Case Study

Capturing IoT device ‘fingerprints’       

The Challenge

Companies and municipalities use Internet of Things devices to monitor remote areas for security and search-and-rescue purposes, and to monitor livestock, crops, water meters, smart grids, and bridges. Powered by small batteries, these devices use sensors to transmit data wirelessly across low-power, wide-area networks. However, current methods of authenticating these devices—and of ensuring they aren’t being mimicked by an adversary—use cryptography techniques that consume vast amounts of power and computational resources. Authentication must become more energy-efficient and scalable.

This quite new and exciting area of research has the potential to transform the process by which all IoT devices are developed.

Tommaso Melodia

William Lincoln Smith Professor of Electrical and Computer Engineering

The Partnership

As a solution, two electrical and computer engineering faculty members at Northeastern’s Institute for the Wireless Internet of Things, Tommaso Melodia, institute director, and Kaushik Chowdhury, associate director, are zeroing in on radio frequency fingerprinting. This strategy involves identifying a wireless device uniquely through hardware imperfections, which can be gleaned from the radio signals it transmits.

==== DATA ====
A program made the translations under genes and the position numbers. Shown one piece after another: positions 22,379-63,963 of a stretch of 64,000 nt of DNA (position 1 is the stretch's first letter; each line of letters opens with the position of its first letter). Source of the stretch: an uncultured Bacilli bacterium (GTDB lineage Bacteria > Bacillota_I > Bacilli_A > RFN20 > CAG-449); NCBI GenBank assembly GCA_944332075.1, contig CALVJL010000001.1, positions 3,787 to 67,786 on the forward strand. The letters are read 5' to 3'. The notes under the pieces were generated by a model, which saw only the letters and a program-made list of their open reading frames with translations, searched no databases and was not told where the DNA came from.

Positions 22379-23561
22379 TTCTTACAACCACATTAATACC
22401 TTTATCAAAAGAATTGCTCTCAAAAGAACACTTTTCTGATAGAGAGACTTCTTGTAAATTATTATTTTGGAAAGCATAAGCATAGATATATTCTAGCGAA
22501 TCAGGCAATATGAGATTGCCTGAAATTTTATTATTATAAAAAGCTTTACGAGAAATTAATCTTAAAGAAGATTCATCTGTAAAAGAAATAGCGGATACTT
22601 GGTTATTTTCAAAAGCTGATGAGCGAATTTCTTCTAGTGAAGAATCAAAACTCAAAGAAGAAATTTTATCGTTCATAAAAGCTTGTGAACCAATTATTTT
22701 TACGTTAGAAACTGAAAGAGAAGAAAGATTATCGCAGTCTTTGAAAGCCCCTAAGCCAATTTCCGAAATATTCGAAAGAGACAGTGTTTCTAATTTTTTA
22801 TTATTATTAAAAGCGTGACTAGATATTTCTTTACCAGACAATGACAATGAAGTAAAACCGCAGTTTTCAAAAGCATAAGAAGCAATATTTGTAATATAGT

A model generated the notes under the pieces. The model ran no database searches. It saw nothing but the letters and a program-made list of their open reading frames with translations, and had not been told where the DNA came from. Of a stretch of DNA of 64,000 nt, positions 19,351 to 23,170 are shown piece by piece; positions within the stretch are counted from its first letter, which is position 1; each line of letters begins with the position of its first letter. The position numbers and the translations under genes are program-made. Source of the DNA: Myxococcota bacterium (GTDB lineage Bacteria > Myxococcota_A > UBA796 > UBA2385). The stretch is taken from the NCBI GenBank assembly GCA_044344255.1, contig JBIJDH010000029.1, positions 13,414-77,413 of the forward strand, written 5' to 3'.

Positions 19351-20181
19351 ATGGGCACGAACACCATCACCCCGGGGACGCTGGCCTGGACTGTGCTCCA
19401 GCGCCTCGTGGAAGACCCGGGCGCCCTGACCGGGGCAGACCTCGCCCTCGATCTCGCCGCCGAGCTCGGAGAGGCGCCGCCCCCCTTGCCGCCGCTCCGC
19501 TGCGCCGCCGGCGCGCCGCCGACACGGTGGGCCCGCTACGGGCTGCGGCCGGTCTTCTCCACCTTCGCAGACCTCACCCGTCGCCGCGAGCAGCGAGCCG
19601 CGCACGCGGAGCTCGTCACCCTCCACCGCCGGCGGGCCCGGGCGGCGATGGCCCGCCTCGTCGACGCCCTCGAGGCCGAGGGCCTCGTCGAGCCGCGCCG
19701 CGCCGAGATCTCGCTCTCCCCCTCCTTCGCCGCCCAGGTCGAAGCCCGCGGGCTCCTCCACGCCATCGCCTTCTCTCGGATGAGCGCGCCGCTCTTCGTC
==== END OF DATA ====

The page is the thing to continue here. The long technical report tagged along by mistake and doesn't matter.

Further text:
Melodia and Chowdhury have partnered with InterDigital, a Delaware-based mobile technology research and development company, to design algorithms that use AI and machine learning to differentiate between devices with greater accuracy, and at far larger scales. The researchers will test their algorithms on Interdigital’s LoRa (long range) devices, which can transmit signals over large rural areas using relatively little power. Their work is funded by the Defense Advanced Research Projects Agency, the National Science Foundation, and the Office of Naval Research.

The Goal

With an assist from radio frequency fingerprinting, the researchers aim to design scalable, reliable, energy-efficient mechanisms for authenticating wireless devices. More broadly, Melodia says, the partnership with InterDigital will help inform standards for wireless device authentication across sectors, including defense, agriculture, and manufacturing.

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